I received this novel for free directly from the author Richard Brockwell, in exchange for an honest review.

Near the world-famous Mayan site of Chichen Itza, a similarly-ancient hidden temple is accidentally located by an American team by one Dr. Helen Shireberg. Hieroglyphics at the site suggest it may be the gateway to Xibalba, the legendary Mayan underworld.

Unfortunately, a valuable gold figurine and a solid tablet slate found by the team inside the site are stolen, and two Americans working at the site are subsequently murdered. The FBI decide to send in their best men to get to the bottom of the mystery and locate the missing items, as well as find out who murdered the American citizens.

Enter Jason Mallock, an FBI agent who regularly defies authority. He also happens to be a crack-shot with a gun, which may be due to the fact he can see even in the pitch dark. Jason is also an archaeologist in his former life, joining the FBI to specialise in locating stolen ancient artefacts.

On the side-lines, we learn that a sinister man called Dr. Tony Barrette is hoping to unlock the gateway to Xibalba, and gain all its secrets for his own nefarious intentions. Upon discovering the titular forbidden script inside the stone slate, he orders his goons to kidnap Helen in order to utilise her expertise in all things Mayan, leading Jason and his partner Danny into a deadly race against time to save Helen and discover the secret.

The plot itself is good on the surface. I have always enjoyed tales which evoke images in my head of the early Tomb Raider games or classic H. Rider Haggard novels of exploration. Therefore I experienced a genuine thrill when Helen leads her gold-crazy captors into the site and they explore the burial chambers located deep inside the ancient site.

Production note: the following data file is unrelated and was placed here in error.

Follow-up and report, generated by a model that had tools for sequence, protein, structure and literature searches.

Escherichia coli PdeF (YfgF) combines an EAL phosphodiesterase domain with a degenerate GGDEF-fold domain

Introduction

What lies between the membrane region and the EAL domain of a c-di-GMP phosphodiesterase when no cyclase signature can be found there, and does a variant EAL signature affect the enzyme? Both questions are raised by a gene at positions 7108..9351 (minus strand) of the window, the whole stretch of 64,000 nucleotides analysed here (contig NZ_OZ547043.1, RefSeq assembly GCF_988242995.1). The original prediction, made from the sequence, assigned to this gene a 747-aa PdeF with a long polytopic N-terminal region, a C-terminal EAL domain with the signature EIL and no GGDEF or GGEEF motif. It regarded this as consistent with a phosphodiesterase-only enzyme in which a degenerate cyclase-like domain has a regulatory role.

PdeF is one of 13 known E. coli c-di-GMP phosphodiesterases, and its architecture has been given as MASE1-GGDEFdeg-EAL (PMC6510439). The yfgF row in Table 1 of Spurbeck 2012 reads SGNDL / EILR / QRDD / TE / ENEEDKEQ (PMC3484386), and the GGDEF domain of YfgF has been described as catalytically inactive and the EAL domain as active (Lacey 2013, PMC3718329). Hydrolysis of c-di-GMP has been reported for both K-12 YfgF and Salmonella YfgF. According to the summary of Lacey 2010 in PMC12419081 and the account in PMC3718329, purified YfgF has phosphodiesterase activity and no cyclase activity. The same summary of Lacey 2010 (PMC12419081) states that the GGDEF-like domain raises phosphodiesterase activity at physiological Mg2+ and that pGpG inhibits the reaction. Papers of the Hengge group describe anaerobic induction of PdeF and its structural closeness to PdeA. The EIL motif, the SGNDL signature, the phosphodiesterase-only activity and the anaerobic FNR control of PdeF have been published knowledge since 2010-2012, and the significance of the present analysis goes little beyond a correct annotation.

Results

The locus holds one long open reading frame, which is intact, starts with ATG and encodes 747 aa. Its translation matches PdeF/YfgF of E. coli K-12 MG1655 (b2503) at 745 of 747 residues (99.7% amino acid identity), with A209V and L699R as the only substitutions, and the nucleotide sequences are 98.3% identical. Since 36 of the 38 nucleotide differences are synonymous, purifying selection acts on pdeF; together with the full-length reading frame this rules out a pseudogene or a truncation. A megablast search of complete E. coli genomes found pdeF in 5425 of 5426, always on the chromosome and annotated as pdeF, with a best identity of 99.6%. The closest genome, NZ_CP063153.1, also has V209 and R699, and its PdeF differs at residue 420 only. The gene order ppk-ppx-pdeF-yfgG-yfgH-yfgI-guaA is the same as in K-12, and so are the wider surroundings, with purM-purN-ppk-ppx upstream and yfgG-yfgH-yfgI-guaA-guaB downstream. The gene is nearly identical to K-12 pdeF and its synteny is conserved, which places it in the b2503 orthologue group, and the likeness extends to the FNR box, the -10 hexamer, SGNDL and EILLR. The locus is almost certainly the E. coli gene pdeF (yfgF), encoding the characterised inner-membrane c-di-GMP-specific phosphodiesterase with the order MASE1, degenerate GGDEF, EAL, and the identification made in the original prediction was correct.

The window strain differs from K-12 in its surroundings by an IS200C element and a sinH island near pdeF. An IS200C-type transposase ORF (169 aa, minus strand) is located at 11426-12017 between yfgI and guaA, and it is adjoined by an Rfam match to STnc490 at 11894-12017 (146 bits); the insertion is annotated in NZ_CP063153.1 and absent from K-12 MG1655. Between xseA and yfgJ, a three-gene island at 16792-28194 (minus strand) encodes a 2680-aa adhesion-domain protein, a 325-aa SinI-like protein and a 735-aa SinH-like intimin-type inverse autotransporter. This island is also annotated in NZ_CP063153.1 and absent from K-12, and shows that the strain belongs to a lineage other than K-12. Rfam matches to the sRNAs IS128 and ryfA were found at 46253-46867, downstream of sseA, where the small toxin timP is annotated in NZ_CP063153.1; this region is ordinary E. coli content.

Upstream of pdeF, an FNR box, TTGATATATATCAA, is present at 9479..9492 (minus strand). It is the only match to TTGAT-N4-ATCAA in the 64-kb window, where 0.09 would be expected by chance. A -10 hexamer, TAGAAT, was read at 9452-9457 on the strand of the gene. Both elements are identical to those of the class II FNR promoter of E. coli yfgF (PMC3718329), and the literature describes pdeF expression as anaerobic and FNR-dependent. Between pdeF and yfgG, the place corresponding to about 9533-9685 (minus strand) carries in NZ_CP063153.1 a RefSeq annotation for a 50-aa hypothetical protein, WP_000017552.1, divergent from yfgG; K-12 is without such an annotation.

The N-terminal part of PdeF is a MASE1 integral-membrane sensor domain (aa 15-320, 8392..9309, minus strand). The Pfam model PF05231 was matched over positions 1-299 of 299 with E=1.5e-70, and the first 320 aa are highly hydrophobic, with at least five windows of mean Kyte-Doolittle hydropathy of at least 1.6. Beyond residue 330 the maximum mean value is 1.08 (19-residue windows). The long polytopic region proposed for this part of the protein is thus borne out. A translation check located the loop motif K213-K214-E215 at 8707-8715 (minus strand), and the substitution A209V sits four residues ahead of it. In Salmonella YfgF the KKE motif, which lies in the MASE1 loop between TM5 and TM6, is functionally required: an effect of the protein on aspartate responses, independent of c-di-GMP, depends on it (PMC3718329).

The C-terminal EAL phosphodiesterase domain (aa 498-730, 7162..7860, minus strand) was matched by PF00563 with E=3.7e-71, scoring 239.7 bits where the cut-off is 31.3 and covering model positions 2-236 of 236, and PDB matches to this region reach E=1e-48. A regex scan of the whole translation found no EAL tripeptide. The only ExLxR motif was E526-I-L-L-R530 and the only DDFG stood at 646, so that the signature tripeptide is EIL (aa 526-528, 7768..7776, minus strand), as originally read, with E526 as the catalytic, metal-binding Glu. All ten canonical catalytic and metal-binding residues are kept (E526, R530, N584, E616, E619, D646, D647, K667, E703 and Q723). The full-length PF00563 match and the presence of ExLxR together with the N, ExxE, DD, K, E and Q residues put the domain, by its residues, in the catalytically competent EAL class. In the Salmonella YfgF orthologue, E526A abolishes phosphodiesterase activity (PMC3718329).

There is also an amusing benefit to Jason’s compulsion to smoke cigarettes in inappropriate locations, as it actually drives a part of the plot forward. I won’t spoil any further for any new readers of the novel. The supernatural aspects of the story are interesting, as they do tie in to the beliefs of the Mayans regarding what happens to the souls of deceased persons, with one scene featuring Jason and Danny being very eerie indeed.

There are some negatives. While the theme of the story was interesting enough at times, the baffling grammar sometimes proved a strong distraction from the plot. I noted a number of confusing grammar choices: mixing past and present tenses in the same sentence; use of very short sentences where commas were more appropriate; garbled sentences which made little sense; confusing “your” with you’re” etc.

Another major gripe for me was the main character, Jason Mallock. Although it seems that the author wants to build him up to be some sort of charming rogue, Jason unfortunately comes across as a stereotypical misogynist. On a number of occasions, Jason shows that he has little respect for women, and because of this I mostly detested his character.

Overall I feel the novel was rushed, and that the author should have spent a lot more time refining the language/grammar to make for a more satisfying read. You also never really get behind Jason’s character, and his habits and opinions grate after a while; a shame. Dr Barrette however is a convincing and chilling “bad-guy” and has some good moments as to be expected with the genre.

I appreciate that getting your own novel out there into the book market must be a thrill for authors, and I commend anyone who endeavours to take on the task of writing one. In the digital age that is even easier as printing costs - and therefore publishers also - can be eliminated with the eBook. I am no literary expert, but I would strongly stress that before embarking on writing and self-publishing, a writer must also ensure the novel is properly proof-read.

A publisher would likely employ a couple of people for this purpose, but the self-publishing author has to do this task themselves, or at least ask some peers/friends/family. In self-publishing, the author is at the mercy of his/her readers/reviewers if they haven’t had it proof-read independently.


Rating: 2/5 stars